You may wish to carry a yarn throughout The Anchor Cozy so that the thickness and drape is the same throughout. If you do not wish to carry a yarn throughout the pattern, you may wish to switch to lighter weight yarns, such as DK or sport weight yarns, when working the tapestry crochet section from the anchor chart.

The Pattern

The Patchwork Cozy

Big Squares (make 4, using any colors or combo of colors you like)

Ch 17, turn.  

Row 1. Starting in second ch from hook, sc in each st across, turn. (16 sts)

Rows 2-18. Ch 1, sc in each st across, turn.

Fasten off. Weave in ends.

Little Squares (make 16, using any colors or combo of colors you like)

Ch 9, turn.  

Row 1. Starting in second ch from hook, sc in each st across, turn. (8 sts)

Rows 2-18. Ch 1, sc in each st across, turn.

Fasten off. Weave in ends.

For the seams, feel free to use single crochet, slip stitch, or whipstitch. Using any yarn you like, seam little squares together in groups of 4 to make bigger squares.  Then join 2 big squares and 2 squares of 4 little squares together to make one side of the hot water bottle cover. Do the same for the other side.  Join front and back pieces together along bottom and sides.  

Attach yarn to either top corner of the cover. Ch 1, sc in each st around, sl st in beg ch-1 to close round. Ch 3 (counts as first dc), dc in each st around the entire top of the cover, sl st in top of beg ch-3 to close round. Fasten off. Weave in ends.  

Take a piece of yarn about 2-3 feet long and weave it in and out between the dc posts -- this is the lace that ties up the top of the hot water bottle cozy. Pop your hot water bottle in the cozy and go!

The Anchor Cozy

Note: This pattern is worked in a spiral. To help keep track of rounds, place a stitch marker in the first stitch of the round to mark the beginning. Move the marker up as your work progresses.

With any color, ch 60, sl st in first ch to form ring, being careful not to twist the chain.

Rounds 1-7.  Sc in each st around, changing colors and yarns as often as you like.  Change to MC at the end of Rnd 7.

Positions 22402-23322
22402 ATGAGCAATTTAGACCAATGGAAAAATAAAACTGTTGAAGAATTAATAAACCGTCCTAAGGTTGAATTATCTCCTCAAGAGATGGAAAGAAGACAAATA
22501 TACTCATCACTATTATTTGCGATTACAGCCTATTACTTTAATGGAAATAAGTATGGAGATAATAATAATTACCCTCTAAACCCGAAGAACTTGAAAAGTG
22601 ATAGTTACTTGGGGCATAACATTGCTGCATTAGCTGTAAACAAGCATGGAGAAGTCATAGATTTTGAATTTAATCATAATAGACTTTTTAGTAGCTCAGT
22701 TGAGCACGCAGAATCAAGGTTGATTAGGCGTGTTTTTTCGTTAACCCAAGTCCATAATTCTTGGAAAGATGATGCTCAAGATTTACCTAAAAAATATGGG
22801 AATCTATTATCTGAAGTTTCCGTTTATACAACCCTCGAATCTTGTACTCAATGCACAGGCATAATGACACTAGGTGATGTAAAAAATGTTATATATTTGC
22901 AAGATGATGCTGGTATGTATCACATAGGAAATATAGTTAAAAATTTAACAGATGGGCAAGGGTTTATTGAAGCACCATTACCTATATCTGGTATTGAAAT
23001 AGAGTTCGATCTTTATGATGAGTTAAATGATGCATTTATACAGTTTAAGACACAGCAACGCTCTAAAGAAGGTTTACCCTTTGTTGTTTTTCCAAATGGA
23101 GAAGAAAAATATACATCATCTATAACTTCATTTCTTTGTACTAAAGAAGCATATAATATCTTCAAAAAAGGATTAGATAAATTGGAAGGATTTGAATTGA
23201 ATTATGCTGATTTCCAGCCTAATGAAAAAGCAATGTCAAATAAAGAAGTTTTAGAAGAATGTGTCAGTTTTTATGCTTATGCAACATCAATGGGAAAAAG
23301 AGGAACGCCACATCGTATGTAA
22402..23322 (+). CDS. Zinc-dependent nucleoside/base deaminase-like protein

Round 8:  With MC, sc in each st around, begin to carry CC when there are 10 sts left in the round.  

Rounds 9-20:  Continue to work in sc, following chart for color changes.

Anchor Chart 

Round 21:  With MC, sc in each st around, you may stop carrying CC after first 10 sts in this round.  

Rounds 22-24:  Sc in each st around, changing colors & yarns as often as you like.  

Rounds 25-38:  Repeat Rounds 8-21.  

Rounds 39-43:  Sc in each st around, changing colors & yarns as often as you like.  

Round 44:  Sl st in next st, ch 3 (counts as first dc), dc in each st around, sl st in top of beg ch-3 to join round.  

Fasten off. Weave in ends.

Seam bottom of piece together with whip stitch, sl st, or sc, using any yarn you'd like.

Take a piece of yarn about 2-3 feet long and weave it in and out between the dc posts -- this is the lace that ties up the top of the hot water bottle.  Pop your hot water bottle in the cozy and go!

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Comments

Holly wrote
on May 4, 2007 12:40 PM

Don't even throw the short little pieces of yarn away! Save them all winter, then in the spring, put them inside a net bag (like from onions) or a suet feeder (sans suet) and birds will use them to build beautiful, colorful nests!

on Sep 25, 2007 11:27 PM
Hi,
Thanks for the water bottle cozy! I, too, love my hot water bottle! I am from the States and had never used one till I visited my daughter in South Africa. They don't have ANY heat in their house, so I got introduced to the cuddly hot water bottle to stay warm at night! I have been thinking that I wish I could find a crochet pattern for a cover, and voila! Here it is!

THANKS!

NormaRae_40 wrote
on Nov 6, 2009 9:19 PM

How do you create a chart to make your own project?

Devonhens wrote
on Jan 12, 2010 1:55 PM

Just what I was looking for, thanks!